Today I am making mayonnaise with Jacques Pépin and Emeril Lagasse using the book The French Cook: Sauces by Holly Herrick. Emeril Lagasse has many exciting recipes for making mayonnaise. I chose the recipe in this blog post by Emeril Lagasse because it uses cayenne pepper. After putting this mayonnaise in the refrigerator for about an hour, I was able to believe that the flavor of the mayonnaise was great.
An emulsion is a sauce made with two immiscible liquids. People cannot mix immiscible liquids without an emulsifier. From a chemical point of view, an emulsifier probably bonds the molecules of the immiscible liquids. Mayonnaise is a type of emulsion. I am not able to find a satisfying explanation about why mayonnaise is an emulsion. Some explanations suggest the immiscible liquids in mayonnaise are the egg yolks and the oil. Other explanations explain that the vinegar and mustard contain water, and that egg yolks and an emulsifier in mustard emulsifies the water in the vinegar and the mustard with the oil. The latter (second) explanation is consistent with my experience reading about emulsifiers in books for culinary artists. The former (first) explanation requires someone to believe that the emulsifier is an immiscible liquid. 
Here are the things people need to know about making mayonnaise:
- People should believe that making mayonnaise is easy (and exciting)
- Use a non-reactive glass bowl because
- Stainless may change the color of the mayonnaise
- Copper and acid react and they will change the color of the mayonnaise
- Clean the bowl with white vinegar
- The ingredients should be room temperature
- Since bacteria in eggs can make someone ill, consider pasteurizing the eggs
- Cook the eggs at 150°F/65.6°C for 4 minutes
- Consider putting the eggs in ice water to stop them from cooking
- Some people explain that 1 egg yolk can emulsify 2/3 cup of oil, other ingredients may also contain emulsifiers
- Consider this explanation as a reason for putting everything but the oil in the bowl before beating the ingredients to make the mayonnaise
- Using a spout on a bottle of oil may be appealing to some people
- Most people may use white pepper when making mayonnaise, some people may use other type of pepper, cayenne is an alternative to white pepper
- French mayonnaise is commonly made with Dijon, some people argue that adding Dijon makes the mayonnaise a rémoulade
- Most people may use (white) wine vinegar when making mayonnaise, someone probably may use any type of vinegar
- Mix the mayonnaise in one direction, because without doing science, and since mayonnaise is expensive to make, anything that offends the creaminess or smoothness of the mayonnaise can seem threatening or similar to anticipating the disappointment experienced when making curdled mayonnaise; the mayonnaise can appear to be chunky when using an electric whisk
- Mayonnaise can be made with vegetable, canola, sunflower, corn, and olive oil
- Using vegetable oil makes mayonnaise that tastes similarly to Hellmann’s mayonnaise
- A combination of canola, vegetable, and olive oil was interesting (1/2 cup canola, 1/4 cup vegetable, 1/4 cup olive oil)
- Bitter olive oil makes terrible mayonnaise
- Mayonnaise made with greater proportions of olive oil is probably good to use with sandwiches, but it is not exciting to eat with a spoon. Bitter olive oil also can make a vinaigrette offensive. The confusing problem is that the vinaigrette or mayonnaise may not be offensive on a sandwich or salad. Since there are so many different types of olive oil, my experience only applies to bitter extra virgin olive oil. A light olive oil may be as pleasing to use as canola oil.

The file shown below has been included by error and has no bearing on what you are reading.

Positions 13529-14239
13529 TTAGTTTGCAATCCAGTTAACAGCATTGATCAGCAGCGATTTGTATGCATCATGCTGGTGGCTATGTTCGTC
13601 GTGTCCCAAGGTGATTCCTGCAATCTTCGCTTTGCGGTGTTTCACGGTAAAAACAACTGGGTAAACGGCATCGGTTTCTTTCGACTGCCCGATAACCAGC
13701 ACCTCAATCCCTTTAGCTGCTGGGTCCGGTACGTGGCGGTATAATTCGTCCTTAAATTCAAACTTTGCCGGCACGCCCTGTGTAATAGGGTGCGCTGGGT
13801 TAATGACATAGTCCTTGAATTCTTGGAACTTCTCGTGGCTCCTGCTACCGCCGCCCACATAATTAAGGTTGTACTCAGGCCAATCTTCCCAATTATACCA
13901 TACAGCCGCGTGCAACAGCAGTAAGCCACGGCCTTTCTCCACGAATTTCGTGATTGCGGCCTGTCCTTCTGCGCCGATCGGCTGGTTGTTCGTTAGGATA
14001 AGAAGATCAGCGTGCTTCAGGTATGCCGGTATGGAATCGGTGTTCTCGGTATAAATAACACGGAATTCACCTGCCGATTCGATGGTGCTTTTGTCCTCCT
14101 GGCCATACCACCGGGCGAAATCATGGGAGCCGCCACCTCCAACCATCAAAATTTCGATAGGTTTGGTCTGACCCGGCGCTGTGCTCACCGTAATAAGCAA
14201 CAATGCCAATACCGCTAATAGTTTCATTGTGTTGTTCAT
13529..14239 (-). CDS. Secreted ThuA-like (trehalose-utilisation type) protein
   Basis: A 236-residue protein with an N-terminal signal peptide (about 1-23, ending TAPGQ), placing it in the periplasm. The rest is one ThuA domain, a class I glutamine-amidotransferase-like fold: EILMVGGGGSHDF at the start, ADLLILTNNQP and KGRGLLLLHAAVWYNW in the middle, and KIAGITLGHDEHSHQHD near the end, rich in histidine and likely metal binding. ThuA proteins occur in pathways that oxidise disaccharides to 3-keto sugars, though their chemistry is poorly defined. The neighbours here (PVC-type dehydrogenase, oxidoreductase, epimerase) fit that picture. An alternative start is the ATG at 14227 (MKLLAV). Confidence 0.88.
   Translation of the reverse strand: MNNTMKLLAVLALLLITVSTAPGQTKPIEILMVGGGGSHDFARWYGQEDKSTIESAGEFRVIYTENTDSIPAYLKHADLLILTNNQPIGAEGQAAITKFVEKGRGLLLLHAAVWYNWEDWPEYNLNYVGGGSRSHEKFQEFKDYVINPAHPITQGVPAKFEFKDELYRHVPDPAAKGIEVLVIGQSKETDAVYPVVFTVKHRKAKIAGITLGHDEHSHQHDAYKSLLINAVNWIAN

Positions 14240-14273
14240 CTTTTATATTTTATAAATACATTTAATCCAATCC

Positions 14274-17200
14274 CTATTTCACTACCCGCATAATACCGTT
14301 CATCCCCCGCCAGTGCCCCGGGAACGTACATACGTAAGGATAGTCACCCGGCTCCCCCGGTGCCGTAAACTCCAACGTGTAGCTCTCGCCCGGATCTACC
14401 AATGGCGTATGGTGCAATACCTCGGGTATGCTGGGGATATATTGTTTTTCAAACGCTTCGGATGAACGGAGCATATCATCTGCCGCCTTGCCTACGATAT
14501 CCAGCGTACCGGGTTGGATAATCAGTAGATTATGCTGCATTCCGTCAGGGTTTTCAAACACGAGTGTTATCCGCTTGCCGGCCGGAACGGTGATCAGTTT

- An electric whisk can be used to make recipes for making mayonnaise in a food processor. Use a bowl that is barely larger than the whisk, use the highest setting on the mixer, and mix the mayonnaise in one direction.
Pasteurizing The Eggs
Making Mayonnaise With Jacques Pépin
Making Mayonnaise With Emeril Lagasse With An Electric Whisk
Notes: 1) (Emeril Lagasse) vegetable oil makes mayonnaise with the flavor of Hellmann’s mayonnaise (Hellman’s may be popular) (1 cup vegetable oil or 1 cup vegetable oil + 1/4 cup olive oil), 2) (Thomas Keller) use canola oil or the canola oil used to make garlic confit, 3) (Thomas Keller) possibly use canola and French mustard (Edmond Fallot), 4) (Jacques Pépin) use greater proportions of flavorful ingredients: vinegar, use walnut, or tarragon oil, 5) use vinaigrette recipes for creating a new mayonnaise (sherry vinegar and red wine vinegar, balsamic vinegar), 6) consider adding fruit to mayonnaise, 7) experiment with different types of salt, 8) consider what the majority of people may prefer, 9) mayonnaise with a lot of mustard flavor may be called dijonnaise
Notes: 1) mayonesa: soybean oil, egg yolks, water, distilled vinegar, sugar, iodized salt, spices, lime juice concentrate, disodium edta (added to protect flavor), extractives of paprika, natural flavor, and extractives of red pepper, 2) water may be used to thin the mayonnaise
Download The Recipes:
1. Holly Herrick: The French Cook: Sauces (Utah: Gibbs Smith, 2013), 75-78.
2. Jacques Pépin: Jacques Pépin’s Complete Techniques (New York: Black Dog & Leventhal, 2001), 124-126, 56-59.
3. Emeril Lagasse: Emeril’s Kicked-Up Sandwiches: Stacked with Flavor (New York: William Morrow, 2012), 309.
4. Fig. 1. Holly Herrick: The French Cook: Sauces (Utah: Gibbs Smith, 2013), 78.